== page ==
Faith & Work: An Uneasy Alliance – You Can Make a Difference – 7 of 8
Work is so hard, and we have to put in so much effort to achieve the most modest of results, because God cursed creation in response to Adam’s sin. Sin introduced an element of futility into the work system which also negatively impacts us as workers. As long as sinners like us work with and for other sinners, there are going to be interpersonal conflicts, power struggles, and jealousy. But believers can make a difference by serving others and by being change agents on the job (Matthew 5:13–16). At times you are going to be called upon to take an active stand against evil (Romans 12:9). The Old Testament story of Daniel shows us how.
Daniel and other godly, exceptional Hebrew youths were taken captive by the Babylonians (Daniel 1:20). Through the sovereignty of God, Daniel would eventually rise in the Babylonian government to the position of prime minister. Daniel and his friends walked faithfully with God in a hostile, pagan culture. They show us that we must take a stand when asked to do something wrong or which violates our conscience. On pain of death, Daniel and friends were commanded to worship an idol—a violation of the first two commandments. Now they liked their jobs; they loved their lives, but not enough to participate in this great evil (Daniel 3:16–18). They accepted Babylonian names and education, but they refused the pagan diet which consisted of unclean foods and would implicate them in idolatrous worship (Daniel 1:11–16).
You may be asked to lie to a customer, to cheat a vendor, or to ignore a regulation that governs your industry. You may be asked to recommend someone for a job—yet you doubt their competence or character. You may be asked to push a flawed product that you wouldn’t buy for yourself. When faced with situations such as these, remember the courage and convictions of these Hebrew youth. To act contrary to your conscience is to sin (James 4:17).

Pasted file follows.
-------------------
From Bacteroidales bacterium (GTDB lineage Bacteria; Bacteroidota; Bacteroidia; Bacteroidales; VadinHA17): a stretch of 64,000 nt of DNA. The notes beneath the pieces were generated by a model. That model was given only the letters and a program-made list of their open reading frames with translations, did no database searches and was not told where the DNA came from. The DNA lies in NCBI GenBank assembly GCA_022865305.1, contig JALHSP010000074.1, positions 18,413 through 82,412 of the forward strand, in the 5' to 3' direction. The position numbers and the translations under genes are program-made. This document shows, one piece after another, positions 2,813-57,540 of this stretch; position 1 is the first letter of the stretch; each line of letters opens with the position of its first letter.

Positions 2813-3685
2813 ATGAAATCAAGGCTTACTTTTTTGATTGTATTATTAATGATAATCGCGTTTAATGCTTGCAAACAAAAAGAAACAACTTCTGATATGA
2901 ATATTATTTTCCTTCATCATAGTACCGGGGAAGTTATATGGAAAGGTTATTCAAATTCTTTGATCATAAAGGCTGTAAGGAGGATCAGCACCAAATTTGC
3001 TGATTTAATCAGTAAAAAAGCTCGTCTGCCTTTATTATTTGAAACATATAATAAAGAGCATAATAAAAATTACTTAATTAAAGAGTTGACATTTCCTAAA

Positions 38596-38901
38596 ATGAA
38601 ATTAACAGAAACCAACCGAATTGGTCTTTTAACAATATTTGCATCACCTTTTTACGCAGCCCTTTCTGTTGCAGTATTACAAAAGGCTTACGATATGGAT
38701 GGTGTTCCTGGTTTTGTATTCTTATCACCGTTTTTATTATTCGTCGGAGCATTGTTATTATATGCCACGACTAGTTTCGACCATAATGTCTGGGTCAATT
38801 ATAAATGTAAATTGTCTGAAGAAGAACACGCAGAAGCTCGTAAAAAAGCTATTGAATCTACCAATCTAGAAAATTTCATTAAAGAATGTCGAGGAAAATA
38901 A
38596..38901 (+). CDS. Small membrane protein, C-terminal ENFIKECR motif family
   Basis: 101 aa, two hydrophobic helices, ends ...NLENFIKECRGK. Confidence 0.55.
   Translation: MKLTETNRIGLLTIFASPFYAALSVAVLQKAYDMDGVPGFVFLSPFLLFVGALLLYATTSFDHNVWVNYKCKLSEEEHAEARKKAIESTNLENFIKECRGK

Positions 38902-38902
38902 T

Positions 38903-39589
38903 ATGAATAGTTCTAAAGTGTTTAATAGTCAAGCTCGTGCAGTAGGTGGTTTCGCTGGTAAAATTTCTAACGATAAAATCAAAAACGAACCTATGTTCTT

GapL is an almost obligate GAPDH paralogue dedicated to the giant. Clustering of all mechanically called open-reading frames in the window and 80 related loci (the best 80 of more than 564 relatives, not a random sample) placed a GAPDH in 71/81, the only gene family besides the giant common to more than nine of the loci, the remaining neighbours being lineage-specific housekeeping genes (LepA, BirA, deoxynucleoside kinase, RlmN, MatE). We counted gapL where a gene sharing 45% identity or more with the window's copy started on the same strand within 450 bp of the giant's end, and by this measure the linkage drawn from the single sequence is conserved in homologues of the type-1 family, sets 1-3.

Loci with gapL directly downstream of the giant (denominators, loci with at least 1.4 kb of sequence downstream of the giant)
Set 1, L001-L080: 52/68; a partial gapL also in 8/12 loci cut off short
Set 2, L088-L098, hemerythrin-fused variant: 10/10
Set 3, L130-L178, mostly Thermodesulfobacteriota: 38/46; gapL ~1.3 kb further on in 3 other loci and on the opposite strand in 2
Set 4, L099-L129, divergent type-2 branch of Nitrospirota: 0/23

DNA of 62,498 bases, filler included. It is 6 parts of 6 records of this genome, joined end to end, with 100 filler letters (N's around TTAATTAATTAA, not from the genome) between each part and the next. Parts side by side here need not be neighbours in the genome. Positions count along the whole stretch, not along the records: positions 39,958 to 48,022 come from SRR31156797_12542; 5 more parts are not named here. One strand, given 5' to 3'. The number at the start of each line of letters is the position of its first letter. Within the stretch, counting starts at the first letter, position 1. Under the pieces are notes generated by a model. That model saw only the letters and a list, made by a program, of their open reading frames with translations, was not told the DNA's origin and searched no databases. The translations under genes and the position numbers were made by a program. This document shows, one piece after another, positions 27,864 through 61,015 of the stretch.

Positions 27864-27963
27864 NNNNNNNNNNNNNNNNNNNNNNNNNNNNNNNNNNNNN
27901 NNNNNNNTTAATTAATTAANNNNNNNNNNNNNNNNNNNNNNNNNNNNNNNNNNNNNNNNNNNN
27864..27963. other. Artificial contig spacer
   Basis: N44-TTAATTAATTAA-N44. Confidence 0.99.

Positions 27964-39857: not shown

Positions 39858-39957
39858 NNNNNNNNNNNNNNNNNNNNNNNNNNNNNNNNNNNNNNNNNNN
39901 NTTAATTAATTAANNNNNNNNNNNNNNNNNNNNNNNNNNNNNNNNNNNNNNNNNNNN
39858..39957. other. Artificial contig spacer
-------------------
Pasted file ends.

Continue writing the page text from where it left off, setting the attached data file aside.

Furthermore, you need to take a stand when it is within your power to protect people from harm. Daniel did this (chapter 2). The king had concluded (accurately) that his advisors were a bunch of frauds, and so demanded that they and their families be killed. Daniel and his friends were considered part of that group, so their lives were also in danger. With God’s help Daniel gave the king a correct interpretation and was able to save the lives of all the wise men in Babylon (including the ungodly ones). Instead of using this opportunity to throw them under the bus and advance himself, he sought to save their lives. Daniel judged the king’s decree as contrary to a biblical worldview and used his position and God-given wisdom to thwart it.
God may have placed you where you work in order to thwart some evil. Suppose you know that coworkers are abusing alcohol or drugs and endangering the lives of others. If you’re an accountant or financial planner, you have the responsibility to try to talk others out of what you believe to be bad investments. God doesn’t want his people to stand idly by and allow others to suffer. What should you do? First, pray for wisdom and favor. Then go to the source of the problem, to the person who’s in a position to do something about it. Share your concerns. Make sure you clarify the facts. Appeal to them to do the good, right, moral thing. Make your appeal using the categories of morality and justice. Having such a conversation may jeopardize your job, or at least make job advancement unlikely. We must have the courage of our convictions. We are to be agents for good in the world. When we see evil we need to take a stand and then trust God to handle the consequences. That is what it means to walk by faith.
Finally, offer creative solutions to the problem. It is one thing to point out a problem, it is another to offer a creative solution! Daniel and his friends did that. It worked out for them, and maybe it will in your case as well. “All that is necessary for evil to triumph is for good men to do nothing.” Jesus said you are the light of the world. Church, let’s let our lights shine!
APPLICATION / CHALLENGE
When you need to take a stand for righteousness:
- Begin with prayer.
- Go to the source of the problem, if possible.
- Offer alternative solutions to the problem.
TAKE ONE STEP
Each week, write down one doable concrete step of obedience, small or large that you will put into practice this week. (James 1:22: “But prove yourselves doers of the word, and not merely hearers who delude themselves.”)